Updated 11.30am, adds Jason Azzopardi's reaction

Justice Minister Edward Zammit Lewis and alleged Daphne Caruana Galizia murder conspirator Yorgen Fenech exchanged hundreds of messages last year, mobile cache data is expected to reveal. 

Times of Malta is informed that Zammit Lewis and Fenech would chat regularly over messaging app WhatsApp, with some 700 messages exchanged between January and October 2019. 

The messages are among a much larger cache of data expected to be presented in court as part of the compilation of evidence against Fenech.

In November, a few weeks after the correspondence between the two went dry, Fenech was arrested and charged with complicity in the killing of the journalist.

Fenech’s alleged involvement in the murder was not publicly known before that time, although he had been identified as a suspect by investigators since at least mid-2018.

It is understood that Zammit Lewis and Fenech met over meals during 2019, even after the businessman was outed as the owner of the once-secret offshore company 17 Black.

The company and its involvement in alleged corruption tied to the gas-fired power station has been described as a potential motive in the assassination plot by police investigating the case.

Asked to comment, Zammit Lewis told Times of Malta that he had cut off contact with Fenech “well before” he had been arrested for the murder of Caruana Galizia.

“I had ceased all contact with Yorgen Fenech well before he was implicated in the assassination of Ms Daphne Caruana Galizia and this remains the case till today,” he said. 

Zammit Lewis said he had never had any legal or commercial relationship with Fenech, or any other form of relationship through which he may have benefitted in any way. 

He added that he would not be distracted from his work delivering constitutional and institutional reform to strengthen the country’s governance and rule of law credentials. 

This is not the first time the minister has faced journalists’ questions over his relationship with Fenech. 

Back in July, Zammit Lewis told Times of Malta “there is no relationship” between himself and Fenech. He had said he got to know Fenech when he served as tourism minister [between 2014 and 2017], because the businessman was a leading operator in the sector.

“It is a small country, everyone knows everyone,” he had said.

The minister later added that his “acquaintance” with Fenech would not impact his work as justice minister and ensuring justice is served. 

The proximity between the two could raise potential claims of conflict of interest given that any potential request for a presidential pardon would land first on the minister’s desk. 

Fenech has previously sought – and denied – a presidential pardon by the cabinet of the previous government.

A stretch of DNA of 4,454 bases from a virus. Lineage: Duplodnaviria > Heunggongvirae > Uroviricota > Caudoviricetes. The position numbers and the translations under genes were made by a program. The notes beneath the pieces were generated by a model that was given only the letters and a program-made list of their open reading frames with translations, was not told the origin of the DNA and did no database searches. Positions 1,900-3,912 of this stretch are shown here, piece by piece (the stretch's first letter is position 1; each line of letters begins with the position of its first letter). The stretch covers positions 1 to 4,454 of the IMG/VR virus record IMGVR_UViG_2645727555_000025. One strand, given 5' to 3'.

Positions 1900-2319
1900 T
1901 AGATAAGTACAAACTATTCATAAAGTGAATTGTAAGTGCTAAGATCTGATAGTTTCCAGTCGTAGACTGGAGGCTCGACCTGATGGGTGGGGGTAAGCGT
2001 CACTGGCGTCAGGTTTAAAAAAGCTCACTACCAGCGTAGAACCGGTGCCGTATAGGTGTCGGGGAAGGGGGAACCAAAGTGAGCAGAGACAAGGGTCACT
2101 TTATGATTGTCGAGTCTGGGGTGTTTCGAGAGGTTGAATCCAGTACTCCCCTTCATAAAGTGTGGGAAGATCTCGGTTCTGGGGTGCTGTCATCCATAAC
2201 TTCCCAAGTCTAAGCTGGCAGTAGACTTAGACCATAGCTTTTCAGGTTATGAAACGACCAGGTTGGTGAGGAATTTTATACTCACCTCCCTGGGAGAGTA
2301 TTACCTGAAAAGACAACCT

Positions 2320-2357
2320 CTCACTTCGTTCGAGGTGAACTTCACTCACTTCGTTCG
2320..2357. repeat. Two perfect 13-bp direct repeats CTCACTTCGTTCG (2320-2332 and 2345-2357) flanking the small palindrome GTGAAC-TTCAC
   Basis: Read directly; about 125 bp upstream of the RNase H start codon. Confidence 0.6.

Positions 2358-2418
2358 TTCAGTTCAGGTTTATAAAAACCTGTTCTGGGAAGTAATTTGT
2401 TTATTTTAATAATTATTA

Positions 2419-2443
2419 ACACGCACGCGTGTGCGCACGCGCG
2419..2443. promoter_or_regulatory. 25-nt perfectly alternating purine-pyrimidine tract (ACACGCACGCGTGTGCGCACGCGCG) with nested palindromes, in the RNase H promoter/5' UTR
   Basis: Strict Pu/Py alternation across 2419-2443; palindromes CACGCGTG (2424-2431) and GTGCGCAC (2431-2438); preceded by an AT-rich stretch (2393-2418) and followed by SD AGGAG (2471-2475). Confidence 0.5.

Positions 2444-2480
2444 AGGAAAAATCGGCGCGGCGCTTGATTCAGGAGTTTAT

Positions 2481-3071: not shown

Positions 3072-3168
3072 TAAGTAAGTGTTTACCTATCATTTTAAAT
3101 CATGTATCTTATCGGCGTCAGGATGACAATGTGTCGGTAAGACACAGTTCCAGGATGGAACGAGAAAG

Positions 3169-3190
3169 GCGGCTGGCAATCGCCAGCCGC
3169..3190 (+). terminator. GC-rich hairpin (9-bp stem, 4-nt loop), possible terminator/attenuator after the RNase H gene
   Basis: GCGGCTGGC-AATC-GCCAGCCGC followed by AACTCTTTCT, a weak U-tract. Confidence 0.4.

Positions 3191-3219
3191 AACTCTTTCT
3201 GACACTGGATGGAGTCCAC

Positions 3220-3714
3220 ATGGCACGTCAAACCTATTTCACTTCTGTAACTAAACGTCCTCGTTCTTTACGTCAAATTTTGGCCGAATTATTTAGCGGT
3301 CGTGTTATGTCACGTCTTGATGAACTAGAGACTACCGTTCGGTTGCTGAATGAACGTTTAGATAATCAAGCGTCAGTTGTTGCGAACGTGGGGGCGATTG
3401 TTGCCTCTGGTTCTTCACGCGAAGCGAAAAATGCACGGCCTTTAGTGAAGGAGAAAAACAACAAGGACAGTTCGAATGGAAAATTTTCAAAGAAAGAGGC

On Monday, Zammit Lewis said that in the eventuality that Fenech were to file a second pardon request, he would seek the advice of Prime Minister Robert Abela on whether or not he should sit out any discussion on the matter. 

In July, Abela had said that if it indeed turned out that any of his Cabinet members had a close or intimate relationship with Fenech, he would urge them to not be part of any future discussion on a possible second presidential pardon request by the alleged murder conspirator. 

However, Abela was quick to stand by his ministers, saying that while he had already proved he was ready to take “tough decisions” – such as the sacking of former minister Konrad Mizzi – he would not let anyone dictate terms to the government. 

“I also believe that you as journalists and whoever is spreading these doubts, that it is important not to humiliate people,” he was quoted as saying.

Abela said he believes there is a “demarcation line” as to when any ministerial friendships with Fenech would be problematic. 

“It depends if the friendship or intimate relationship was before or after Yorgen Fenech was implicated in the [murder] case. To me that is the demarcation line,” he had said.

PN's reaction

The opposition's shadow minister for justice, Jason Azzopardi, said news of the WhatsApp exchanges demanded action by Prime Minister Robert Abela.  

In the best-case scenario, the Whatsapp messages showed a lack of judgement by a government minister. In the worst-case scenario, they reflected something that was much worse than that, he said.

Abela, Azzopardi said, could not remain idle unless he wanted to become an accomplice through his silence.

Azzopardi noted that during the time period when the messages were exchanged, Fenech was already known as the owner of 17 Black and was also the reason energy prices in Malta were much higher than they should be.

This "web of corruption" was now more grievous as it had become known that the Maltese paid €40 million in tax on fuel which had to be paid to Electrogas because of Mizzi’s actions, Azzopardi said.

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